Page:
Red wiring is the positive connection, black wiring is negative or earth.  Pay attention to the wiring and make sure to get the polarity correct, especially if you are making up your own cables.

To keep the wiring diagram simple I haven't shown any fuses or intermediate connectors.

The OptimMate™ charger I use has accessory options that include a weatherproof, fused permanent connection lead like the one shown below.  This is fitted to each bike's battery and makes it easy to connect/disconnect the charger.

I bought some crimp connectors compatible with those used by the original charger and made up my own extension cables to connect the charger to the controller and controller to the bikes.  You can also buy a ready made 2.5m extension cable with the correct connector on for the OptiMate™ system.  If you use one of these cables you just cut the charger end off and connect the bare wires to the controller. (you'll find this stuff on eBay)

Safety Warning: Whatever charger system you have and however you connect to the bike battery it is important that you use an inline fuse.  This should be in the charging lead at the battery end of the cable since a fault in the wiring or on the control board could short the battery leading to serious damage or fire.


Circuit Description

This section covers how the circuit works, but you don't need to understand it to build a working charger sharing controller, so feel free to skip it.

The circuit is controlled by IC2, a PIC16F628A microcontroller running firmware written in MikroC (firmware and compiler can be downloaded free)  

There are four single pole relays on the PCB that connect the input from the battery charger to each individual output.  The software controls the operation of the relays so that only one relay is active at any time.  When switching from one bike to the next all outputs are switched off for 30 seconds to allow the charger to 'see' the disconnection and reset itself.   Each output is active for approximately 8 hours and the controller cycles round the outputs sequentially so all four outputs will connect over a 32 hour period. The controller senses the presence of the bike battery on each output so unconnected outputs are skipped e.g. if only two bikes are connected each bike gets an 8 hour charge every 16 hours.  The timings are written into the controller software, if you want to change them you will need to edit and recompile the C source code.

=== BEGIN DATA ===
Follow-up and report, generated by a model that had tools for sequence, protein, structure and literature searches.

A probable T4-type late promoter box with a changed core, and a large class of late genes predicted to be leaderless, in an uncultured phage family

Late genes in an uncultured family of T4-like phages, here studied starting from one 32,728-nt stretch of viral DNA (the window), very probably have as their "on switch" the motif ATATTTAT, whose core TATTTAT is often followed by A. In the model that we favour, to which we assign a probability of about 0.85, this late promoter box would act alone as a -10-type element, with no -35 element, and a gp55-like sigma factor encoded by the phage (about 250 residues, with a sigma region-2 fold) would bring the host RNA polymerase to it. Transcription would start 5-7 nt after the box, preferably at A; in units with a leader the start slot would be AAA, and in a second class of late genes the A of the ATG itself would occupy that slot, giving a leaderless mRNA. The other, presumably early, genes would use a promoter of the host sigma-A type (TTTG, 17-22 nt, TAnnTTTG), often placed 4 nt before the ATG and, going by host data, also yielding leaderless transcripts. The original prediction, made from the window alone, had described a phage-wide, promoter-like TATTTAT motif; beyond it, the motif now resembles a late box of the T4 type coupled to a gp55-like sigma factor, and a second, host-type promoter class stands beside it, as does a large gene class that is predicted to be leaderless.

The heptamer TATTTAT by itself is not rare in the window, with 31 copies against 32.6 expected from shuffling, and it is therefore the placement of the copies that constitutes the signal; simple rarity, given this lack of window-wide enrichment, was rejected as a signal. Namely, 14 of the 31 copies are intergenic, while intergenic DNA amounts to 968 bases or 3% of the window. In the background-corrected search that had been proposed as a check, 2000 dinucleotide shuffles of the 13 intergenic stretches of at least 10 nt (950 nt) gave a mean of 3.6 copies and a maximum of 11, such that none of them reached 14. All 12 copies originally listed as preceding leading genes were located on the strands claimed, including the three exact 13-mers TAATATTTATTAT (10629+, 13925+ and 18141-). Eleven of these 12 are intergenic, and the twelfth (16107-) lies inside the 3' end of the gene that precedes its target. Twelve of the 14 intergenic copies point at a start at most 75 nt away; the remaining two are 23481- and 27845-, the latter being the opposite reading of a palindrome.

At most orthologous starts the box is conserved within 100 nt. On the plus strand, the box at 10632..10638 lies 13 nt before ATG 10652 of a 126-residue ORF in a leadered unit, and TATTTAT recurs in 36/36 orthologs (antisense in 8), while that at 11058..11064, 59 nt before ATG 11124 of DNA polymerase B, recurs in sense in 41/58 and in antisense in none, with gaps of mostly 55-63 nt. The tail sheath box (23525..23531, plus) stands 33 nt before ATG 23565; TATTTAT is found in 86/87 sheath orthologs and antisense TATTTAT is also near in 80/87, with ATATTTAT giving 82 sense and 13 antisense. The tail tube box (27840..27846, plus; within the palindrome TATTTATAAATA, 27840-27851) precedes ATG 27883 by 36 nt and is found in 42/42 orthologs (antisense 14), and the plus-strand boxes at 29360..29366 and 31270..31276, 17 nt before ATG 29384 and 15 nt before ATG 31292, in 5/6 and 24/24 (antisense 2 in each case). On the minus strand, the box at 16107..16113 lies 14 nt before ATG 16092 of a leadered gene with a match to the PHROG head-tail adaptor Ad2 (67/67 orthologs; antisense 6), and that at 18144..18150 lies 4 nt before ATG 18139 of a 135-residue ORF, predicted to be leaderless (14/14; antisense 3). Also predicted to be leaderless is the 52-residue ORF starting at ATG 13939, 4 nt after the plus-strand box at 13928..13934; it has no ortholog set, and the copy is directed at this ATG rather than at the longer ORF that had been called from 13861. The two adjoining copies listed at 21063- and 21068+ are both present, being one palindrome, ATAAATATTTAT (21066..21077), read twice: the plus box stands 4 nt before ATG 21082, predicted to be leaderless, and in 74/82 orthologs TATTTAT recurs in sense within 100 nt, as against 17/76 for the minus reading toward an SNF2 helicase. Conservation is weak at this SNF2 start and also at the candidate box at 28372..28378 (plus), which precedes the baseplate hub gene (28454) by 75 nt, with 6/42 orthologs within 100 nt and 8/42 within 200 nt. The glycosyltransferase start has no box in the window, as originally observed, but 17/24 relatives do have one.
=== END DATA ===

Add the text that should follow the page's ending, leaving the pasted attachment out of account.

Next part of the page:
The circuit is powered using the batteries on the connected motorbikes.  Diodes D1 to D4 feed power from each bikes battery to the circuit.  The diodes isolate the bikes batteries from each other and only the bike with the highest battery terminal voltage actually powers the circuit; this will normally be the battery currently charging.

The voltage at each of the four outputs is fed to the microcontroller sense inputs via a resistor network comprising 10K and 3K3 resistors.  This divides the input voltage by 4.03 so a voltage above approximately 8 volts at the output will feed 2 volts to the sense input of the microcontroller IC2. This is seen as a high logic level by the software and allows the controller to detect which outputs are actually connected to a bike.

The 12 volt supply from the bike battery feeds the relay coils and also to a 5 volt regulator IC1.  This regulator IC is an LP2950 micro-power precision Low Dropout regulator and provides regulated 5 volts to the microcontroller.  The relay coil voltage is a nominal 12V DC but is rated to 1.5x this which is 18 volts so they are okay working with typical battery terminal voltages of 12.5 to 14.8 volts.

Capacitor C3 provides decoupling of the input power. C2 does the same for the 5 volt output.  C4 is required by the voltage regulator IC1 to maintain a stable output.  Capacitor C3 is rated at 25 volts, don't use a lower voltage rated part here.

The five LEDs connect via 560 ohm resistors to the microcontroller.  This is quite a high value but it keeps the LED current around 5mA which helps keep the overall current consumption of the circuit low.

The ground connection of the battery charger and all the bikes are connected together on the PCB.  The positive output from the charger is fed to the common pole of all four relays.  The output of each relay feeds one bike.  When the corresponding relay is turned on, the positive output from the battery charger is connected to the bike and therefore allows the battery to be charged.

A  ULN2003A Darlington transistor array is used to switch the relays using four of the seven outputs.  Each output of the ULN2003A incorporates a diode to provide clamping of the relay coil flyback voltage.  The choice of this IC over discrete components was made to keep the PCB layout simpler and more compact.